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It is saner, but can still drive you crazy

S Muralidhar | Updated on June 05, 2014 Published on June 05, 2014

Icon returns The new M3 already has a certain colourful reputation to live up to, just like this choice of body paint




The BMW M3 is making a comeback in saloon form. Does it live up to its reputation?

The driving instructor’s repeated warnings to start applying the brakes early at Turn 10 didn’t fall on deaf ears, but clearly it was starting to fray a few nerves. But, it was not until we went out onto the track and tried to tackle the notorious turn that we realised that the instructor wasn’t overplaying caution.

Of course, the car that we were taking turns to test drive and throw around the haloed corners of this ‘technically difficult’ track was the new BMW M3. So, caution was inevitable, especially since it could get thrown out the window after all the adrenaline kicks in at the track.

We were a group of motoring journalists from India, at the Algarve Race Track just outside Portimao town in southern Portugal. And parked on the tarmac, gleaming under the Portuguese sun were the five generations of the M3.

The first E30 M3 had a 4-cylinder engine, the next two had the souped-up specials of the classic BMW straight-sixs of the times, and the outgoing model – the fourth generation M3 – was the exception with its four-litre V8 engine. With its relatively edgy handling and the dollops of power being fed onto the wheels, it is no wonder the fourth gen model was considered a bit of the ‘Mad’ sports car that it felt like on the track. Of course, the inevitable comparison being made was with the more dignified and less brash behaviour of the M5 sedan.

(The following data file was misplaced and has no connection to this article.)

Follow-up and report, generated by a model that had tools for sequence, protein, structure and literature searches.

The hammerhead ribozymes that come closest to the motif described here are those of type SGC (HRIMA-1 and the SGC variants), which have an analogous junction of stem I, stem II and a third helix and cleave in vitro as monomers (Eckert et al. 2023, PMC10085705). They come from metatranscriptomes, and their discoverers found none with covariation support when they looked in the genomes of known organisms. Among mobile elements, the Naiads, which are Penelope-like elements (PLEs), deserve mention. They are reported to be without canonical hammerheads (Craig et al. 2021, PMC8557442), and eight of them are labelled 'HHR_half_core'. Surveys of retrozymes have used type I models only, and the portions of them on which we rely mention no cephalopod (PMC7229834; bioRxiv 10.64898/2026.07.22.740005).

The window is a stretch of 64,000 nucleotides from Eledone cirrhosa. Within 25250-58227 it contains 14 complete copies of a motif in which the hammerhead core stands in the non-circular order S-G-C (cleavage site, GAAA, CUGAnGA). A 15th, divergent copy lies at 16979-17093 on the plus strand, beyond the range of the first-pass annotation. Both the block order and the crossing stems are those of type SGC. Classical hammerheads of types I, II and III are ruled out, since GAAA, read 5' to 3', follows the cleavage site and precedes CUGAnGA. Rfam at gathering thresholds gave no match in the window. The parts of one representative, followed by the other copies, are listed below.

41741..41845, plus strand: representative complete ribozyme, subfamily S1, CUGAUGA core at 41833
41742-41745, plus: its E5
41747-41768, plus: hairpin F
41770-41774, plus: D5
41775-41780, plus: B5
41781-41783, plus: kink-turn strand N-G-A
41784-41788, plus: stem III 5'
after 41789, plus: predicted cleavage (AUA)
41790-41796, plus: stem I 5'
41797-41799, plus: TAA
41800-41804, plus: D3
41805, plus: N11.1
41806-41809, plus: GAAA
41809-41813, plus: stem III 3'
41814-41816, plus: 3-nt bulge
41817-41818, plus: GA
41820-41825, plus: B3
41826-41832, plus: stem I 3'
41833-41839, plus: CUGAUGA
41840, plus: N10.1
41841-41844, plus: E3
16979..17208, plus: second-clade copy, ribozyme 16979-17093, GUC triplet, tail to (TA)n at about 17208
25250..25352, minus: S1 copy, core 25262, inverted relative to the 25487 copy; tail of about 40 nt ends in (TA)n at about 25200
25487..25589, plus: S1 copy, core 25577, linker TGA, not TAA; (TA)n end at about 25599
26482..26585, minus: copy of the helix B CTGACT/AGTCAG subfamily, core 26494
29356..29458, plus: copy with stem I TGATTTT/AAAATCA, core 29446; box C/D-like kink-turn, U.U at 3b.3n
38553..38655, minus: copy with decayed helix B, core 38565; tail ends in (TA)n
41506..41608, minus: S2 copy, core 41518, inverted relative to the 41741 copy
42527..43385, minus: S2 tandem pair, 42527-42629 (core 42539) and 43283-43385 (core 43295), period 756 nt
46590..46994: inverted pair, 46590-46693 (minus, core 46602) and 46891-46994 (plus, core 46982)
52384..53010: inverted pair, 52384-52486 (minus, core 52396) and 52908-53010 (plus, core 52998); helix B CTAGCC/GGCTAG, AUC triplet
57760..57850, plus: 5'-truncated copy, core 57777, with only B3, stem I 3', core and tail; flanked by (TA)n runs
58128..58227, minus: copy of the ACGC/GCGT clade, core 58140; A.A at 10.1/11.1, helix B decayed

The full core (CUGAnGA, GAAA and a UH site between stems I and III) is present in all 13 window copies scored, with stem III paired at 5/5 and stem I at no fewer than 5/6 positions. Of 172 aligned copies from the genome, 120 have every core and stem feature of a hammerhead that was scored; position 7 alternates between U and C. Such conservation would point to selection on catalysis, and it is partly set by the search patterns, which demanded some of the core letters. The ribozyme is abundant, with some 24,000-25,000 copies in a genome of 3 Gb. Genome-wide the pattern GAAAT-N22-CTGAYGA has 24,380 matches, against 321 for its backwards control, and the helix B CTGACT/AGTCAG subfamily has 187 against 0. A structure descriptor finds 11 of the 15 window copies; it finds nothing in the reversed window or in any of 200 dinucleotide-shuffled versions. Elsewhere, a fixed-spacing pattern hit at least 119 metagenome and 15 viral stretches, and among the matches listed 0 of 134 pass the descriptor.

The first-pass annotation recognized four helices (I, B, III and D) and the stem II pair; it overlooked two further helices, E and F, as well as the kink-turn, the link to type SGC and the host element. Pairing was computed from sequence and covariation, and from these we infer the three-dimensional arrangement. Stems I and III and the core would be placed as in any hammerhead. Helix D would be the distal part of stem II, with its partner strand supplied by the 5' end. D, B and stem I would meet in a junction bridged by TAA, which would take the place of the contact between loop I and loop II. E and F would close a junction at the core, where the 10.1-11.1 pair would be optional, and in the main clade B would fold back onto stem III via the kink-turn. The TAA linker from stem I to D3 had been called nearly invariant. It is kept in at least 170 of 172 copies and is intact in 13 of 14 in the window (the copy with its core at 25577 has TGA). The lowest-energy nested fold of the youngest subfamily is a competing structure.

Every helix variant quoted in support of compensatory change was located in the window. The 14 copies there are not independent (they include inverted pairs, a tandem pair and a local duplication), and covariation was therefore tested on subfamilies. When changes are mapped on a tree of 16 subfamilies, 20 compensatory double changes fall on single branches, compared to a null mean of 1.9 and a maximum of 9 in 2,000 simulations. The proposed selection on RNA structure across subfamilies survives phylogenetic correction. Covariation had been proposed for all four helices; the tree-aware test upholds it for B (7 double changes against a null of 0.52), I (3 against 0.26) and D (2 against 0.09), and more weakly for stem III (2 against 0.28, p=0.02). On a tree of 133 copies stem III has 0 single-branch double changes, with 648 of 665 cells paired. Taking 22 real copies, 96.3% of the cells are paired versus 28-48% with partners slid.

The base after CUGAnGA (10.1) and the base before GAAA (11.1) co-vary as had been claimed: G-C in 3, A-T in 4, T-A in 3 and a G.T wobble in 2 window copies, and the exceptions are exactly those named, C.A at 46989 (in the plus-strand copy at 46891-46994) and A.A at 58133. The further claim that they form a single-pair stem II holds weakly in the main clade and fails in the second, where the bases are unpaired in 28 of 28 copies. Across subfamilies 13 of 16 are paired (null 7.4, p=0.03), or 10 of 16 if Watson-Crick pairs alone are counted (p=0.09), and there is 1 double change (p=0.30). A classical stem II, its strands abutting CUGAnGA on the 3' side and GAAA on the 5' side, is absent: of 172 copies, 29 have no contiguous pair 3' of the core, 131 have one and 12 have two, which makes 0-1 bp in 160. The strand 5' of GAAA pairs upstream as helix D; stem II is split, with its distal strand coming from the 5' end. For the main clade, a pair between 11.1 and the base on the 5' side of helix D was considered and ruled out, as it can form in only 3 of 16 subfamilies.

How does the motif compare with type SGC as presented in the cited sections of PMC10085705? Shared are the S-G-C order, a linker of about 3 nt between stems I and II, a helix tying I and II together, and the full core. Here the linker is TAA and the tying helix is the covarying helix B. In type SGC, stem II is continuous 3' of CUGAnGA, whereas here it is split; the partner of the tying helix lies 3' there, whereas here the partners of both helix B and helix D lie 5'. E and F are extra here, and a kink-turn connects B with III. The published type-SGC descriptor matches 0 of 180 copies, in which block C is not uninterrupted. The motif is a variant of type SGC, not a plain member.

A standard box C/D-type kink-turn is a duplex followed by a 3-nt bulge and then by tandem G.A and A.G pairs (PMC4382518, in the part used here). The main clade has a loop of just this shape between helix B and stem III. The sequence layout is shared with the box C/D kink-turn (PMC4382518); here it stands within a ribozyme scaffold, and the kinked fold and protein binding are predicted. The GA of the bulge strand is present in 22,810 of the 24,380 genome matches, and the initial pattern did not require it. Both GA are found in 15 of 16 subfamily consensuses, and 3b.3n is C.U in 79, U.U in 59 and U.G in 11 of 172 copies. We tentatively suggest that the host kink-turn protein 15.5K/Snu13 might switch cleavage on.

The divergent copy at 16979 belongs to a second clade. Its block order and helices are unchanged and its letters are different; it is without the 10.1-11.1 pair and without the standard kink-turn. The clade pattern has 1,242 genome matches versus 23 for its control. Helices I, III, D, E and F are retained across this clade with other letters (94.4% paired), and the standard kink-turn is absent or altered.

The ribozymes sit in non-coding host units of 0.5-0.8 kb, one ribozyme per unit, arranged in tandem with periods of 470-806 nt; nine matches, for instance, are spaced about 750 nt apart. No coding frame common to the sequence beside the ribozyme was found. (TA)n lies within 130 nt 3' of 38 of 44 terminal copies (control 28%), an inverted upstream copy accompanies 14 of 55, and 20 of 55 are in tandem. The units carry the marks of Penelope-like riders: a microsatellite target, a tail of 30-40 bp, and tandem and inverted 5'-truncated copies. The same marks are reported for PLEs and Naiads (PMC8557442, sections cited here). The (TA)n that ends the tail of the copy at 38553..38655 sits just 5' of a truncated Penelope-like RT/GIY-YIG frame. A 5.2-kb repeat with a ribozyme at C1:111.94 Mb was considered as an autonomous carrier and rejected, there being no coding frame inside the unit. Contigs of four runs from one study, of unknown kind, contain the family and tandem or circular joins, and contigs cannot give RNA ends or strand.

So, the new M3 already has a certain colourful reputation to live up to. More change has been imposed on it after the coupe and the convertible versions have now been spun-off as a new model line with the M4 moniker. In fact, after the last M3 saloon of 2011, it now makes a comeback as a four-door.


The M3 was always recognisable as being a 3-Series derivative in terms of design. This new, fifth generation is no different. But, of course, there are pointers to its performance credentials, none more prominent than the classic bonnet bulge and the carbon-fibre roof, which has been a staple for the past two generations. For those that might overlook these subtle pointers, there are the oversized airdams and carved out scoops in the front fender that feed air to cool an evidently powerful engine under the hood.

There are also the side vents with the M3 logo which are not just to look cool, but also meant to allow air flow around the wheel rims to cool the brake pads. And the recommended option is the carbon-ceramic M super performance callipers. Yeah, why not? If you can consider the M3 as your weekend driving option, the nearly ten per cent extra you have to pay for these add-ons should be affordable too!

The rear of the new M3 sports the other classic design cue – the dual twin exhausts – set in the midst of some more air vents on the rear fender. The wheel arches are flared even more than in the regular 3-Series, making the M3 look more like the performance car that it is, but it is also meant to accommodate the larger 255/35 ZR19 tyres shod on special 19-inch alloys. Incidentally, the car also gets special Michelin Pilot Super Sport tyres which feature a dual compound construction with a softer inner tread layer and a harder compound for the outer tread layer.